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Nelson Mandela's remains reach his childhood village in Qunu

Story highlights

  • Nelson Mandela's casket arrives in Qunu, where he spent much of his childhood
  • "Even when my father was in jail, he had the most fondest memories of Qunu," daughter says
  • In Qunu, the military hands over his remains to his family
  • Mandela will be buried Sunday after a funeral service

The coffin carrying Nelson Mandela's body arrived Saturday in his ancestral village of Qunu, where he'll be buried Sunday amid the lush green hills of his boyhood.

After a plane carrying his casket touched down in Mthatha, the closest airport to Qunu, it was taken in a procession past mourners who lined the roads to his rural home.

The mood among the crowd was a celebration of his life, as well as sadness for his passing.

The nation's first black president had often said he felt most at peace here at his rural home in the southeastern corner of the nation.

"Look, he loved these hills," his daughter, Maki Mandela, told CNN in an exclusive interview. "He really believed this is where he belonged."

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His burial Sunday comes after 10 days of mourning.

Before Mandela's journey home, the ruling African National Congress bid him farewell Saturday morning at an air force base in Pretoria.

Members of the ruling party stood, bowed and prayed around his black, flag-draped casket.

"Icon of our struggle. Father of our nation," read a giant poster bearing a picture of a smiling Mandela.

His wife, Graca Machel, sat in the front row, dabbing her eyes with a handkerchief.

"We will miss him, he was our leader in a special time. Go well, Tata," President Jacob Zuma said, using the Xhosa word for father. "You've played your part. You've made your contribution. We'll always remember you."

Helicopters hovered overhead as soldiers carried the casket into the military plane. It then took off for Qunu -- followed by fighter jets.

'He really wanted to die here'

Thousands of mourners lined the streets from the airport as Mandela's remains were brought to the remote village where he spent much of his childhood.

Mandela relished his time at the village, which is marked by endless open fields and velvety grass. It's where he herded cows and goats as a child; where his relatives are buried at the family farm.

"Even when my father was in jail, he had the most fondest memories of Qunu," Maki Mandela said. "And he really wanted to die here."

Intimate tributes

The Rev. Jesse Jackson, the U.S. civil rights leader, told CNN that Saturday was "a day of painful celebration."

"People are beginning to realize what they've lost, but they know they've got so much left," said Jackson, referring to the sweeping political and social change achieved by the anti-apartheid leader. "They know what he left in place stays in place."

He was planning to attend Mandela's funeral Sunday, where the tributes were expected to be more intimate.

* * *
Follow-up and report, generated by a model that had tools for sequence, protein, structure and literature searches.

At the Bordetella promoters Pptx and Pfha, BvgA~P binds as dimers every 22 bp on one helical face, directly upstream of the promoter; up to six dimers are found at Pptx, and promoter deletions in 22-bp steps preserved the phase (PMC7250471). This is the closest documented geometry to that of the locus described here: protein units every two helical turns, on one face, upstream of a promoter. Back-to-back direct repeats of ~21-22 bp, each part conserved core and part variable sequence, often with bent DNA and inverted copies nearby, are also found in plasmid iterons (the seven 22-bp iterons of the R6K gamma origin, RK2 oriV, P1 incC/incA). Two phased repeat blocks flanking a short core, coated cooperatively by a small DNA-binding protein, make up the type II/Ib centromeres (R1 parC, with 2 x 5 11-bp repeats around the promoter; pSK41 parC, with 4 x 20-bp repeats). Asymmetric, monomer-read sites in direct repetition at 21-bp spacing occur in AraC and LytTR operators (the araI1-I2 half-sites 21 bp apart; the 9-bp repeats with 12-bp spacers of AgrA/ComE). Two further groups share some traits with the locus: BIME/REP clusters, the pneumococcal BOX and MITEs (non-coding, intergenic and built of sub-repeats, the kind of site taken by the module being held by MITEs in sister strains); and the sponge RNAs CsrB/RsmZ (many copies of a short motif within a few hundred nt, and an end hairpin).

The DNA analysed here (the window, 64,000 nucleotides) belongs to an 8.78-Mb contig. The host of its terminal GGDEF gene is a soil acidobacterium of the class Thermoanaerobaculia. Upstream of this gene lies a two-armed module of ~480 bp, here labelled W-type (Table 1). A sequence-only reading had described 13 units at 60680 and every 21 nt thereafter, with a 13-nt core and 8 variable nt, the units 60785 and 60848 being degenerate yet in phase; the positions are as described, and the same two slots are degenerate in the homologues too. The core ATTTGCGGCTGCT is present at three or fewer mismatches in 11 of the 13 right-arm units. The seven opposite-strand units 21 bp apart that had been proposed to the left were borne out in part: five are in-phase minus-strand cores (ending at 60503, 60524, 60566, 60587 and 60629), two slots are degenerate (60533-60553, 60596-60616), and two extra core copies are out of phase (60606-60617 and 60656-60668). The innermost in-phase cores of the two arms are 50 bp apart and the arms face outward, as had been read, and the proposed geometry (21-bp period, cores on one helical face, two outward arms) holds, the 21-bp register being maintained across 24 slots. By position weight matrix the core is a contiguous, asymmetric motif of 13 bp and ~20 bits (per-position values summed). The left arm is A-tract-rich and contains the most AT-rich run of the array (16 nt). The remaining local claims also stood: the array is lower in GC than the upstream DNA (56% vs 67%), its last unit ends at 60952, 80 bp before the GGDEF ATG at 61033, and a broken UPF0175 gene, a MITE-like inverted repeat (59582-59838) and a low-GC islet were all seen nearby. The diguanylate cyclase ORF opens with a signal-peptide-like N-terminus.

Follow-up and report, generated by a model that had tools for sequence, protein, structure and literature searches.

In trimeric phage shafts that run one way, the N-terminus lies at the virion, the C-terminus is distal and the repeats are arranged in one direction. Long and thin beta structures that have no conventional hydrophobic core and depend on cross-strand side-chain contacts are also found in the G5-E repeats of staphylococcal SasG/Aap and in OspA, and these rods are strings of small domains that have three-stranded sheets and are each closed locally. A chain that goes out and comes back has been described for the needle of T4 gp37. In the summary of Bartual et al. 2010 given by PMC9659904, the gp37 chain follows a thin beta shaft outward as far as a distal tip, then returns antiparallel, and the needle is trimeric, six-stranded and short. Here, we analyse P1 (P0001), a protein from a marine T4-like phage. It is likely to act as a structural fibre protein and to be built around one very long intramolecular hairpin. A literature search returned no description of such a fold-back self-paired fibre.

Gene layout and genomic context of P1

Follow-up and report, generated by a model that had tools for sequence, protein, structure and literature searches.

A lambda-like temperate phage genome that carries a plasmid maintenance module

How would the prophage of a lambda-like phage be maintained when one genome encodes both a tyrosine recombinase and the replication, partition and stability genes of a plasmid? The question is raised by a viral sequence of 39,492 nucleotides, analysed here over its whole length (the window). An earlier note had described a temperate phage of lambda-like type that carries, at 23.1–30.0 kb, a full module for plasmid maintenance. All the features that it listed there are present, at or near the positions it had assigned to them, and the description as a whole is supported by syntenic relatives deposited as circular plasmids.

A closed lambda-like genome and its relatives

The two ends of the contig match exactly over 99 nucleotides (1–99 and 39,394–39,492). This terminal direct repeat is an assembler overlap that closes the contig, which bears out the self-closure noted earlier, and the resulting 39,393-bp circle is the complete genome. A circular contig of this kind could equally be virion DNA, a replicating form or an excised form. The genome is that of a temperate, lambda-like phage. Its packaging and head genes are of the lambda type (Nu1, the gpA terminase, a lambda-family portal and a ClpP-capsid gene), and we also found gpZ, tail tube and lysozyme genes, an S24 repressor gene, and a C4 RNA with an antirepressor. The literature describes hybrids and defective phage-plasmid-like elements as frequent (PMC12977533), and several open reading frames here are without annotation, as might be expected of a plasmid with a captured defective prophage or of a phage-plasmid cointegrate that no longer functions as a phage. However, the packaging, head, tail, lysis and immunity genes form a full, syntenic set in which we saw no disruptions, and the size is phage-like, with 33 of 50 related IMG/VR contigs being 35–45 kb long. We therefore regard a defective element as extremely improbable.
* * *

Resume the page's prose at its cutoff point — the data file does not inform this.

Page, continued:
The military handed over his remains to elders at his home. And, in a symbol of the return of one of their own, the national flag that had covered his coffin was replaced with a lion skin, a traditional symbol of the Xhosa people.

At dusk, tribal leaders and men in his family held a private vigil to honor traditions of his native Thembu clan.

His casket was to lie overnight in his bedroom, which overlooks the hills and his grave site.

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Small village, giant spotlight

Mandela died last week at age 95.

Events leading up to the burial included a memorial service Tuesday followed by three days of public viewing at Pretoria's Union Buildings, where he was sworn in as president in 1994.

About 100,000 people paid homage to Mandela during the three days he lay in state, government officials said.

The airport in East London, south of Qunu, will be used for their arrival and departure of dignitaries, with access closely controlled.

Thousands were expected to make the trip to Qunu for the burial, thrusting the remote village into the international spotlight. The guest list of foreign dignitaries included Britain's Prince Charles, talk show host Oprah Winfrey and Archbishop Desmond Tutu.

A private family prayer service will be held Sunday morning at Mandela's home. The funeral will take place in a white tent set up at the family farm.

The Mandela family, Zuma and the Cabinet members will be present along with local and foreign dignitaries. About 4,500 people are expected.

The military will again be charged with draping the flag over Mandela's coffin. Members of the military will perform a salute, and play the national anthem.

The burial

About 430 family and friends will walk to the grave site to say goodbye to the man many consider to be the father of their nation.

Mandela will be buried in the rocky soil of his childhood home.

The burial area has been built for him; some of Mandela's relatives are already buried there.

Security

Zuma has authorized nearly 12,000 members of the South African National Defence Force to serve alongside the police force.

A tight military cordon is expected around the funeral site.

As South Africa prepares to bury Nelson Mandela, young Africans are optimistic about the future